Symbols are objects, characters, figures, or colors used to represent abstract ideas or concepts.
Almost all of the characters in Song of Solomon are black. The few white characters represent violence and wrongdoing. After Guitar’s father is cut in half during a sawmill accident, for example, the mill’s white foreman offers the family almost no sympathy or financial support. Likewise, Circe’s wealthy white employers, the Butlers, are murderers. When they take Macon Dead I’s land, they end his children’s innocence. Even white animals carry negative connotations. A white bull causes Freddie’s mother to go into labor and die. The bull’s interference with Freddie’s birth represents white people’s devastating interference with the African-American world. Likewise, the white peacock that causes Guitar and Milkman to become infatuated with the pursuit of wealth represents the corrupting influence of greed.
First Corinthians and Lena make artificial roses that represent the stifling life of the upper class and the oppression of women. The roses do not bring in much money; the true purpose of the activity is to provide a mindless distraction from their boredom. First Corinthians and Lena perform their task without any enthusiasm, motivated by habit rather than conviction. In literary works, living roses often symbolize love. The artificial roses sybolize the absence of love in Macon Jr.’s household. Unlike living plants, the artificial flowers convey only the depression of their makers.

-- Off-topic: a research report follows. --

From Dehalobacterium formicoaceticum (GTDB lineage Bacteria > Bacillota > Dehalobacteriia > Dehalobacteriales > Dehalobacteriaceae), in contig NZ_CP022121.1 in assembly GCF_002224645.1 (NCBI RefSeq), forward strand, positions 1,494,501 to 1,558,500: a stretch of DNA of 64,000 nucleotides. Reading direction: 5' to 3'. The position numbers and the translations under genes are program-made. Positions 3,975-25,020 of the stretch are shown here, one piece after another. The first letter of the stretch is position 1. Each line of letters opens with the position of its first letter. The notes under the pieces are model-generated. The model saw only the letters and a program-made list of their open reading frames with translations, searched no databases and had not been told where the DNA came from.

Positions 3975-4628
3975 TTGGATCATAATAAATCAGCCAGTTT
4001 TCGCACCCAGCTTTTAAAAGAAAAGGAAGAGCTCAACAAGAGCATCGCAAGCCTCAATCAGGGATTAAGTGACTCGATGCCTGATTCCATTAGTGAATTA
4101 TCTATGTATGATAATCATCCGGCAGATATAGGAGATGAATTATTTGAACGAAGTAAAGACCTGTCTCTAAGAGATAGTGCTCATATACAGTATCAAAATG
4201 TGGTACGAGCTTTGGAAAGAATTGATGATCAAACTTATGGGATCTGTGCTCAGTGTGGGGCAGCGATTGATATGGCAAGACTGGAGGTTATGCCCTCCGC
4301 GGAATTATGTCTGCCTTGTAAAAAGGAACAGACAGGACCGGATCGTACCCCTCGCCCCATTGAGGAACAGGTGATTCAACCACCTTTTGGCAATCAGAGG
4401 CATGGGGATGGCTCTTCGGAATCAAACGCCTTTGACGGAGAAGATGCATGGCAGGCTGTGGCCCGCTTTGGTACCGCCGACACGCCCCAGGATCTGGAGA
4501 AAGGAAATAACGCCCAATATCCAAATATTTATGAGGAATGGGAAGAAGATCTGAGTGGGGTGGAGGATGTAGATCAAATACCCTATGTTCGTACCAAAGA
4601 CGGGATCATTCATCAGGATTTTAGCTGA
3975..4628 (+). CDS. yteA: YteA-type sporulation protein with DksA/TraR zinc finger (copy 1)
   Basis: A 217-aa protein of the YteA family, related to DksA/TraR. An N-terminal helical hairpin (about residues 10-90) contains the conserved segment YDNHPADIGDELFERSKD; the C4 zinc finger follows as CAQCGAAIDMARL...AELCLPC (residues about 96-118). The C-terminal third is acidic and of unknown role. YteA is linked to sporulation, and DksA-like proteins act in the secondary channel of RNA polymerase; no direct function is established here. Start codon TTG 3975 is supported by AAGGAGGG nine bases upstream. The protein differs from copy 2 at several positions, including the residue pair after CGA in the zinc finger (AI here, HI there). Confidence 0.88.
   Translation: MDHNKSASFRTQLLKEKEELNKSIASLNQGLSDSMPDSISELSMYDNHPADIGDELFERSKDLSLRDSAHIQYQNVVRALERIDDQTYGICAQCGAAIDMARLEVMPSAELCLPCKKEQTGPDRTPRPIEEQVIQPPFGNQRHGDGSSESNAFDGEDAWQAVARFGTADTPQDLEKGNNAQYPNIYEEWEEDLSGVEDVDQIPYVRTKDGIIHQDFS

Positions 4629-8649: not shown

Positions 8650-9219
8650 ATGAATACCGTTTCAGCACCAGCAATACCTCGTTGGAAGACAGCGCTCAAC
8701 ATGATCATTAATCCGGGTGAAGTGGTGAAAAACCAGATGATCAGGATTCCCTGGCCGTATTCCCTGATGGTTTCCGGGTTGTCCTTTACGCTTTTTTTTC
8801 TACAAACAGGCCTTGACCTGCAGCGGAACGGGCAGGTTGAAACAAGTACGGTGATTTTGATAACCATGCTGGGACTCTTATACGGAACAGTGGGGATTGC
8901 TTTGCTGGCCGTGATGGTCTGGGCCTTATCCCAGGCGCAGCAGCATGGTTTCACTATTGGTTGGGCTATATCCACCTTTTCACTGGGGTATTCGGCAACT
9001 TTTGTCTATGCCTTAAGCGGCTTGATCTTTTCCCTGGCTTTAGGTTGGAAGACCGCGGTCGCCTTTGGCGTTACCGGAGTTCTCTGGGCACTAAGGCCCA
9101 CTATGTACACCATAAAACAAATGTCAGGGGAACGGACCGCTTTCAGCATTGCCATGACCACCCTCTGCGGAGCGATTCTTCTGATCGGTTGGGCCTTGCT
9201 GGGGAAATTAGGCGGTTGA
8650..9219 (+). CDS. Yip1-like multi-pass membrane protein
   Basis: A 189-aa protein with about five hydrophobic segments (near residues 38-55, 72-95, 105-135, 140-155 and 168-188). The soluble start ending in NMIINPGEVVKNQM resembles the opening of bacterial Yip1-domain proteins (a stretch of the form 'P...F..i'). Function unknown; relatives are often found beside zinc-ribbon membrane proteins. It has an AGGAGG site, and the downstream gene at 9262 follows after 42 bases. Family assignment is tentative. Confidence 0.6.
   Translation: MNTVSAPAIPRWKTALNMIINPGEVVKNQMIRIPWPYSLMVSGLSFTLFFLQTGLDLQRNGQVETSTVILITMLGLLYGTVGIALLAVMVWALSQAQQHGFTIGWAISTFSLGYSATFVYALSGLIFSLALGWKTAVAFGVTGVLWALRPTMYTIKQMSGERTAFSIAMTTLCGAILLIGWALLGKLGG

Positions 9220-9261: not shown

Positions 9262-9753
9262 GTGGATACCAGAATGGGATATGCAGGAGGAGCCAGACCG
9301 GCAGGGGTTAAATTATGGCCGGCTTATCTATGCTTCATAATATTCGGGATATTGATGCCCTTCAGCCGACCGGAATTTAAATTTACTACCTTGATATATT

Gold represents Macon Jr.’s obsessive pursuit of wealth. Gold is utterly irresistible to men in the novel, who violate their principles in order to get it. For example, Milkman robs his aunt, Pilate, because he wants to be wealthy and independent. Likewise, Guitar’s desire for gold motivates his attempted murder of Milkman. Finally, Macon Jr. spends a lifetime pursuing gold without any greater goal beyond accumulation.